When the government introduced the Structure and Building Allowances (SBAs) rules they created a simplification for expenditure incurred on existing qualifying buildings to make compliance and claiming easier but in doing so created an anomaly in the Allowances Statements needed to make the claims.
As part of Finance Act 2021, a minor amendment was made to the existing rules to correct the position and further details are below.
What are SBAs?
SBAs are a capital allowance available for the cost of constructing, renovating, converting or acquiring non-residential structures and buildings. When SBAs were first introduced from 29 October 2018, the allowances were given at 2% per annum of qualifying expenditure on a straight-line basis. This rate was increased to 3% per annum with effect from April 2020. The period over which SBAs are available to be claimed is known as the allowance period.
What was the anomaly?
A business must hold an ‘Allowance Statement’ to claim SBAs, which includes certain details such as the date the asset is first brought into non-residential use. This is normally the date the SBAs allowance period of 33 and 1/3 years commences.
However, where qualifying expenditure is incurred (or treated as incurred under the simplification rules contained within subsection 270BB(3) CAA 2001) after the asset is brought into non-residential use, the allowance period starts on that later date. There was no requirement to record this critical information on the Allowances Statement which could make later claims invalid.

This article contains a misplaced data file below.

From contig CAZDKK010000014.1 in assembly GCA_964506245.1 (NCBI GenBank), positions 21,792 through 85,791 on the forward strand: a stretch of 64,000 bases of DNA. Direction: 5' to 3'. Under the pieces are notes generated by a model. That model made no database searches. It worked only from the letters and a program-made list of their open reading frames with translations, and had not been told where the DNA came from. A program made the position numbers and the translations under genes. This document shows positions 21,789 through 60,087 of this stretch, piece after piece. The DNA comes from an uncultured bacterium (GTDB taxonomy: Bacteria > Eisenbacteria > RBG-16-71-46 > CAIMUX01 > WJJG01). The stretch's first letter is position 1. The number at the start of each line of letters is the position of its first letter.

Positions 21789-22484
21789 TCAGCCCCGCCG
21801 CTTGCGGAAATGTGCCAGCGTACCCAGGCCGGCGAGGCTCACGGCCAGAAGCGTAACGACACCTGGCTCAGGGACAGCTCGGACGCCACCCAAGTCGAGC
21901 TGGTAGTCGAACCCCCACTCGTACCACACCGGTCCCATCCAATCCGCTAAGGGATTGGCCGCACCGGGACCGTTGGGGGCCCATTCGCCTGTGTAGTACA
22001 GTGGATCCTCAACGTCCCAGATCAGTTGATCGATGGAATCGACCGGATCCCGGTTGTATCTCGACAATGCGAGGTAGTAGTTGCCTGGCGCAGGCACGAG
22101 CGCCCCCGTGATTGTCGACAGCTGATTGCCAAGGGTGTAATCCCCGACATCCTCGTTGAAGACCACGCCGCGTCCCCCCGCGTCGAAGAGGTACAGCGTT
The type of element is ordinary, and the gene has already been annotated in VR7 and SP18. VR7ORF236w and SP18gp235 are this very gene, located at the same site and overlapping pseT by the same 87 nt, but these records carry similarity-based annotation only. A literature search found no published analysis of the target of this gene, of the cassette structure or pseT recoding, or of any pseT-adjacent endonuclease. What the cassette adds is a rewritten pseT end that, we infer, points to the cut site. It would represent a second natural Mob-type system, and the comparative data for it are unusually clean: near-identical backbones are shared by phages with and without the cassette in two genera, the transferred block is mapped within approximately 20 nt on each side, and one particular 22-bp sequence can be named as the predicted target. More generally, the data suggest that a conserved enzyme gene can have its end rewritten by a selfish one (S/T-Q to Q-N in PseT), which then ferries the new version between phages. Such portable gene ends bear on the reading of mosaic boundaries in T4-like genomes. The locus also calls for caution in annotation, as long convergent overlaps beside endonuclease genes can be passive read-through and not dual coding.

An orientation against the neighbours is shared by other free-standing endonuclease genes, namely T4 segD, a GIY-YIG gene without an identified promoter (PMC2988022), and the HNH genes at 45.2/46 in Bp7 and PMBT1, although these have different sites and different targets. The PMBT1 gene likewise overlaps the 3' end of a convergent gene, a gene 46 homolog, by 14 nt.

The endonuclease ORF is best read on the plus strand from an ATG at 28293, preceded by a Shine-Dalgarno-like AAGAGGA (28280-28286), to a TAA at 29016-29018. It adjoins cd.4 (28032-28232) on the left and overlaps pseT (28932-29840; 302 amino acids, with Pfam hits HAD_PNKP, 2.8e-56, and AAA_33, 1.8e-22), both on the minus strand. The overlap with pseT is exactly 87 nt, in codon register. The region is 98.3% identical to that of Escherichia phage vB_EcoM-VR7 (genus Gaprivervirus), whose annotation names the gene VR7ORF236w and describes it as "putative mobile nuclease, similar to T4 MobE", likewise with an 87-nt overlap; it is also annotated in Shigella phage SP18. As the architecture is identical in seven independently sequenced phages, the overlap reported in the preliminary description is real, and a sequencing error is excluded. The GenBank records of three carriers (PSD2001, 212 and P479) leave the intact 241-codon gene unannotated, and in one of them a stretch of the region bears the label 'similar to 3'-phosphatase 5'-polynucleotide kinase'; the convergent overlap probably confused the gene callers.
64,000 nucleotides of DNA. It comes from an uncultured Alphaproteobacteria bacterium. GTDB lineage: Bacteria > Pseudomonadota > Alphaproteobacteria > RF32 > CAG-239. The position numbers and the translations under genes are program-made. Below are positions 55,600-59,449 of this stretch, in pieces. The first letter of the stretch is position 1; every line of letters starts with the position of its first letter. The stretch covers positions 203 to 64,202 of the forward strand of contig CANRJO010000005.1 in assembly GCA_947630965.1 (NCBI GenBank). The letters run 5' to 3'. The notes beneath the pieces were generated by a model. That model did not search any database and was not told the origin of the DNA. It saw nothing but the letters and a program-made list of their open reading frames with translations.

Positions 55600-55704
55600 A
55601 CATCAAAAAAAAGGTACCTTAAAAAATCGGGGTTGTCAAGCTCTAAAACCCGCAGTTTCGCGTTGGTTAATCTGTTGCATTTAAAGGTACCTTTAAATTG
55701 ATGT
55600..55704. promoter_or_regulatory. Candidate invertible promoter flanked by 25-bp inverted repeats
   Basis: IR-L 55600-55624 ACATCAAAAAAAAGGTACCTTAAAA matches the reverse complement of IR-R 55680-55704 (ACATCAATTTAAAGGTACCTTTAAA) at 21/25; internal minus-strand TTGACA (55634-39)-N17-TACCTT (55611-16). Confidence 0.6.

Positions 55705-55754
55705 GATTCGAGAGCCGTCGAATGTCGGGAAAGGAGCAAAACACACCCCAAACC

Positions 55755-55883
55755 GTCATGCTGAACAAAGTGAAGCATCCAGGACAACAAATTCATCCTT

As part of Finance Act 2001, new paragraph 270IA(4)(d) adds an additional requirement to record this later date on the allowance statement where relevant to ensure that the correct amount of SBAs may be claimed over the allowance period. The minor amendment to paragraph 270IA(4)(b) ensures consistency with the new paragraph.
What was the simplification?
Where construction, renovations, conversions or repairs are carried out after a building has been brought into qualifying use and qualifying expenditure is incurred on those works on more than one day, a new claim may be made for a 33 1/3 year period commencing with each of those days.
To reduce the burden of calculating and administering several claims for the same building, an allowance may be claimed instead as though expenditure was incurred on one of the following (whether or not those days fall in the same chargeable period):
the latest of those days on which expenditure was incurred
the first day of the chargeable period following the latest of those days
the first day of the chargeable period following the day on which expenditure was incurred.
This can be particularly helpful where there are multiple phases of construction or items of expenditure that occur or are brought into use on different dates in a chargeable period.
The trade off in using the simplification rules is one of timing and further details with examples can be found in HM Revenue & Customs Manuals CA93450.
Although businesses are not required to submit copies of Allowances Statement to HM Revenue & Customs (HMRC), HMRC can request to see a copy to confirm compliance and if you ever sell the building, or grant a major interest, the recipient will need a copy to make any SBA claims.
If you would like further details on this or any aspect of the SBA regime, please do not hesitate to get in touch.